Freddie Hubbard (tp) Curtis Fuller (tb) Wayne Shorter (ts) Cedar Walton (p) Jymie Merritt (b) Art Blakey (d) recorded Rudy Van Gelder Studio, Englewood Cliffs, NJ, October 2, 1961
Music: BN 4090
a fabulous sounding record. Fresh and bright, and Blakey’s workout on the drumkit sounds awesome. And its a great line up and the laminated cover in excellent condition, looks beautiful.
Experience is the best teacher. Some times it is a lesson you would rather not have, but most lessons are valuable – not always recognised at the time, as their payback is probably at some time in the future. This was a fairly inexpensive lesson.
This nice Art Blakey Blue Note looked in very good condition, and I had wanted an original for some time, as my Liberty reissue sounded absolutely horrible: dull and hollow, probably last off the worn stamper.We all examine vinyl for damage – usually scratches across the surface left by heavy record playing arms of the Fifties and Sixties. Pretty easy to tell which will sound with the fingernail test so it was a surprise to find a needle sticking point, in the middle of a really great track.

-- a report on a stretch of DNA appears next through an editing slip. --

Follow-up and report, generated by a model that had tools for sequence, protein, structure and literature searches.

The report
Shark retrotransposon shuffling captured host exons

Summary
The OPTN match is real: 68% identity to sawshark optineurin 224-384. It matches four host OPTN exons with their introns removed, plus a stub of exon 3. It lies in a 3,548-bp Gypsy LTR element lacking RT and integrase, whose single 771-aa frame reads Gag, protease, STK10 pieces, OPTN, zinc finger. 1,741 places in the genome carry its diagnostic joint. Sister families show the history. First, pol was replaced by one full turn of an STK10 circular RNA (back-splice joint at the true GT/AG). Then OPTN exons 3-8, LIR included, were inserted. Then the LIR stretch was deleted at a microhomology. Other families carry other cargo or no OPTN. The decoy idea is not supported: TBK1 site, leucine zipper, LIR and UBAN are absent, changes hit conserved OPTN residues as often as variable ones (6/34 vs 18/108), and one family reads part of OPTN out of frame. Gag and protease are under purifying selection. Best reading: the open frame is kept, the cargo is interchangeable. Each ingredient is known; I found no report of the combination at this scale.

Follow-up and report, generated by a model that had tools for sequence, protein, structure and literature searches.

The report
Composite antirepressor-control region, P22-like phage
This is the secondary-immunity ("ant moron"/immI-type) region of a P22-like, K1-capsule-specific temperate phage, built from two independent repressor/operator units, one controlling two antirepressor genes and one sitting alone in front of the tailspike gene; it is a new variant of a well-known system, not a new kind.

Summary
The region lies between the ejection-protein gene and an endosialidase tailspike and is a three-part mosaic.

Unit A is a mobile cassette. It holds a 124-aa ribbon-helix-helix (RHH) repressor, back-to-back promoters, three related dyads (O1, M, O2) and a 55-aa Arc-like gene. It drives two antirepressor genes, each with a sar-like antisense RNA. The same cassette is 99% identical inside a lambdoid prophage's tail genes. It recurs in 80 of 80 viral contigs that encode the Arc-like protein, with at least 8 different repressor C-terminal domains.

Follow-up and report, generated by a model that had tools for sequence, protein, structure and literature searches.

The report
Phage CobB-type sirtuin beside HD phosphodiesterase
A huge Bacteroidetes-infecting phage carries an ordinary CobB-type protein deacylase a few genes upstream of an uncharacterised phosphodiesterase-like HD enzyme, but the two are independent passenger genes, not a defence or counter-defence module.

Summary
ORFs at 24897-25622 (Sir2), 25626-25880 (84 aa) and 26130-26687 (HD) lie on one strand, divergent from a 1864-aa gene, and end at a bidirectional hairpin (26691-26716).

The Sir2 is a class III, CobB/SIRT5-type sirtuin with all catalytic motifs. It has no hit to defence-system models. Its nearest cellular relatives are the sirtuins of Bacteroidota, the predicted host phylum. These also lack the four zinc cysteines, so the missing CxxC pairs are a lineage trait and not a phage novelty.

First learning point: it’s the best tracks that were played most often, and therefore most at risk of damage.The cause? What a dealer tells me are called in the trade a “tramline” – a scratch that runs in the direction of the groove. He confessed he had been caught more than once by one of these. An nasty fault, as the stylus often can’t skip over the scratch and sticks, in permanent repetition. And very hard to detect by inspection.
It is not like you can take it back and change it for a new one. It’s nearly fifty years old. So this Blakey requires little mild excercise at one point to lift the tonearm over the scratch whenever you play it. A nuisance, but not fatal.
What causes a tramline?. Probably pressure applied to the cartridge to force it through a prior needle stick, who knows. How to spot one in advance? Difficult, but expect the unexpected, always check for scratches with the groove as well as across the grooves, especially on an expensive record. You know, like you always check to see the record isn’t warped?